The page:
When people think of influencers, a social media god or goddess comes to mind — millions of followers, millions of likes, and a robust purchasing influence over their online communities. One post from such an influencer can propel a new brand from obscurity to the latest lifestyle trend.
However, these social media stars are just one kind of influencer. Not every brand needs their online clout (and not every company could afford them, too). Smaller brands with a niche target could work with equally effective micro-influencers.
A micro-influencer is an influencer with between 10,000 and 100,000 followers on one social media platform. Their online communities are much smaller compared to typical influencers.
Influencers fall into different categories, depending on their reach:
- Mega-Influencers have over a million followers on at least one social platform. This tier includes entertainment stars, fashion models, sportspeople, musicians, and even people who built a vast career solely on social media. While they have a dizzying impact, one post could fetch around $1 million. Moreover, mega-influencers are extremely fussy about the brands they work with.
- Macro-Influencers are more accessible than their mega counterparts, but their online communities are still robustly large and active. A macro-influencer has between 100,000 to a million followers.
- Micro-Influencers are everyday people who have built a specialist following, which is why their content is usually niche. As mentioned above, they have 10,000 to 100,000 followers.
- Nano-Influencers are the smallest set of influencers but don’t underestimate their power. With between 1,000 and 10,000 followers, they belong in a highly specialized field — the big fish in a small pond. While they have relatively few followers, a large majority of them are willing to engage with the influencer; they’re not passive followers.
For many brands, the micro-influencer sits in the Goldilocks zone of reach and engagement. They have a fairly large community, so they can effectively raise awareness about a brand. But they also have a higher level of engagement compared to macro- and mega-influencers.
Advantages of Working with Micro-Influencers
Unlike their mega and macro counterparts, micro-influencers are not followed by everyone. Instead, they have niche communities with specialized interests.
For instance, a fitness macro-influencer has a huge following of everyone who’s interested in fitness. Meanwhile, a micro-influencer specializing in body recomposition programs would only attract followers who are interested in this specific category of fitness. You could also see diverse influencers in fashion. A fashion macro-influencer would be followed by people who want to see fashion and lifestyle content. Meanwhile, a micro-influencer specializing in corsets would only be followed by people who are interested in garments made for corsets.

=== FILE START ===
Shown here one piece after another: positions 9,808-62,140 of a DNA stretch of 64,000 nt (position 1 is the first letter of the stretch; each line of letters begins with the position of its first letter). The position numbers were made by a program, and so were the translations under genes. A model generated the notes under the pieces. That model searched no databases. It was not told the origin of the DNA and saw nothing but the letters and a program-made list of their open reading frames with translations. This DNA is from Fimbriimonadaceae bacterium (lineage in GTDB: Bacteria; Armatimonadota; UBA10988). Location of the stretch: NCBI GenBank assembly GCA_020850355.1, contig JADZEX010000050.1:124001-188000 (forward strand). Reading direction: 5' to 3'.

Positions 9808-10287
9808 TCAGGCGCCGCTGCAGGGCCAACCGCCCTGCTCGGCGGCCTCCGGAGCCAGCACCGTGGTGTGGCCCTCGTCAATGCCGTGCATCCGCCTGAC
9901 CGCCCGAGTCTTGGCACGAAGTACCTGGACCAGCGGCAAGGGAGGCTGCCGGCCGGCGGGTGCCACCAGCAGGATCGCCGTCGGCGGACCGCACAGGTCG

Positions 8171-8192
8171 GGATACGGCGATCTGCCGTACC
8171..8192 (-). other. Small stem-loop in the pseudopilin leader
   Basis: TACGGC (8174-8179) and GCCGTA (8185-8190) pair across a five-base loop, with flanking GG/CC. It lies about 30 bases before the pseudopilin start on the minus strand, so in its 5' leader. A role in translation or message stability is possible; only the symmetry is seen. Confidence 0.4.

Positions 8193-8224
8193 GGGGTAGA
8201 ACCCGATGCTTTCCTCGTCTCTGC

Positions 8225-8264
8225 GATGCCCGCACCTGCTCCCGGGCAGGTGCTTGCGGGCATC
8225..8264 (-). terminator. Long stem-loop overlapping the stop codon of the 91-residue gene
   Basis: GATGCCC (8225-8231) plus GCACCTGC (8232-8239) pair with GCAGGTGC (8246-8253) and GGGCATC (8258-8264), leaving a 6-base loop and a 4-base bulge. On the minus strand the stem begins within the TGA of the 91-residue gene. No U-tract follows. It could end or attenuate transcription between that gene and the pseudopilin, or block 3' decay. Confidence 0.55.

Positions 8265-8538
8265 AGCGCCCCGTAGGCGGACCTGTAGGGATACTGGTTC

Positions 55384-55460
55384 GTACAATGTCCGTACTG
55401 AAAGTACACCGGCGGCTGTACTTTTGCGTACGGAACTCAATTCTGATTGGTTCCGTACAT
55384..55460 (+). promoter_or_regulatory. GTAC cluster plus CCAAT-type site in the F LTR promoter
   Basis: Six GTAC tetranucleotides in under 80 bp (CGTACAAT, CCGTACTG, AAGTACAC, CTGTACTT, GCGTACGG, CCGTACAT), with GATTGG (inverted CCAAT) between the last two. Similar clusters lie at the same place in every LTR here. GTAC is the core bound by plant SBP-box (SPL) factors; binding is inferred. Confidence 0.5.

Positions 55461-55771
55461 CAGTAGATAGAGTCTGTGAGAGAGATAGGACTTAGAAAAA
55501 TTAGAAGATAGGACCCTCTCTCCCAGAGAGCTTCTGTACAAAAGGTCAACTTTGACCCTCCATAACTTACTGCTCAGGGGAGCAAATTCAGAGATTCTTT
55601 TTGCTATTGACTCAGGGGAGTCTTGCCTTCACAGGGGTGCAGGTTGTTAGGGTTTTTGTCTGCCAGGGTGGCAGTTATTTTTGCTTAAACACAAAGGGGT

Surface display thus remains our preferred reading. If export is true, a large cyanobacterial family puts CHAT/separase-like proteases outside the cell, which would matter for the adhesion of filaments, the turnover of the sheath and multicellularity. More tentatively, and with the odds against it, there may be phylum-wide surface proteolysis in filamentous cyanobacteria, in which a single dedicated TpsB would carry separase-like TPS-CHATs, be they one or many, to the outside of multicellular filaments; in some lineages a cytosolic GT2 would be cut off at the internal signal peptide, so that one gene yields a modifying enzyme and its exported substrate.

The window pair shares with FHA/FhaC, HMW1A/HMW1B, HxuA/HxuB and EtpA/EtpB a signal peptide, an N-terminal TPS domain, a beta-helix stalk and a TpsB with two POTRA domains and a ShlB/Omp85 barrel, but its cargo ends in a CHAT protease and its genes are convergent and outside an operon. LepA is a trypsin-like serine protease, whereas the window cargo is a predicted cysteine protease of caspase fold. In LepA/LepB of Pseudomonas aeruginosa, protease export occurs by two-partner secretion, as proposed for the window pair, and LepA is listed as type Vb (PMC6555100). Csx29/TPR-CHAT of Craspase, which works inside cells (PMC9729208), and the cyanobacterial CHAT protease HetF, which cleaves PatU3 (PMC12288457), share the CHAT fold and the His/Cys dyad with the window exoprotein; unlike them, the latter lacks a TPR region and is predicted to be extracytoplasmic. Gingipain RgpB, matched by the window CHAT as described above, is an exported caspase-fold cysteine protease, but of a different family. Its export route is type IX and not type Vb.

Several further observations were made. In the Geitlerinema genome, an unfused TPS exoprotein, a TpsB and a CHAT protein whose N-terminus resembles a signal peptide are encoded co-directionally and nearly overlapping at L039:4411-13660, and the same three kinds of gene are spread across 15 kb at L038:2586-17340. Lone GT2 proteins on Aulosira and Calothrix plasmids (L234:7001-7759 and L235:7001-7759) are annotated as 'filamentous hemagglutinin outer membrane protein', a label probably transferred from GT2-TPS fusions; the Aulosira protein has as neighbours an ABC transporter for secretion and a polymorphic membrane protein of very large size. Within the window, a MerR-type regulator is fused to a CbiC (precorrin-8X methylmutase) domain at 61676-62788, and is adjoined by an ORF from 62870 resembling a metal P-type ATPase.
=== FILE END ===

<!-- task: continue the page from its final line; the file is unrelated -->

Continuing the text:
These niche customers are often hard to find, but micro-influencers bring them together in one digital platform. Whether they run an Instagram account, Twitter profile, or an all-in-one community software, micro-influencers grant brands access to these specialized groups.
Micro-influencers charge less than their more popular peers. On average, micro-influencers could earn about $100-$500 per post — a dramatic difference from a mega-influencer’s million-dollar agreements. Macro-influencers, meanwhile, could fetch $5,000 to $10,000 per post.
But before you could factor in these costs, take note that several factors affect a micro-influencer’s rates, including:
- Their reach and engagement reach
- Their digital platform
- Agency fees
Higher Engagement Rates
Micro-influencers typically record better engagement rates than the rest of influencers because:
- They’ve established strong relationships with their followers
- They have fewer followers and consequently provide more personalized attention
- They have the time to personally interact with their followers
- They have the time to respond quickly
The biggest factor in their engagement rates is the trust of their followers. Unlike bigger influencers, micro-influencers know their audience inside and out because of their common, specialized interest.
Willing to Work with New and Small Brands
Apart from friendlier rates, micro-influencers are not as particular as bigger influencers when it comes to the brand they work with. As such, they’re usually more open to new and up-and-coming brands.
Should You Work with a Micro-Influencer?
Micro-influencers are not for all brands. Some companies may need a smaller or bigger reach, with a corresponding dip or raise in budget.
Naturally, there are also drawbacks to working with a micro-influencer.
- Their profiles are less polished. Unlike macro- and mega-influencers with an extremely curated feed, micro-influencers might not perform the same professional polishing. As such, your promoted post might compete with the influencer’s other posts.
- They have less experience. A lack of experience in working with brands and publishing sponsored posts may result in lower quality.
These disadvantages, however, can be balanced by a micro-influencer’s access to niche communities, incredible engagement performance, and lower rates. So, weigh the pros and cons before reaching out to a prospective social media partner.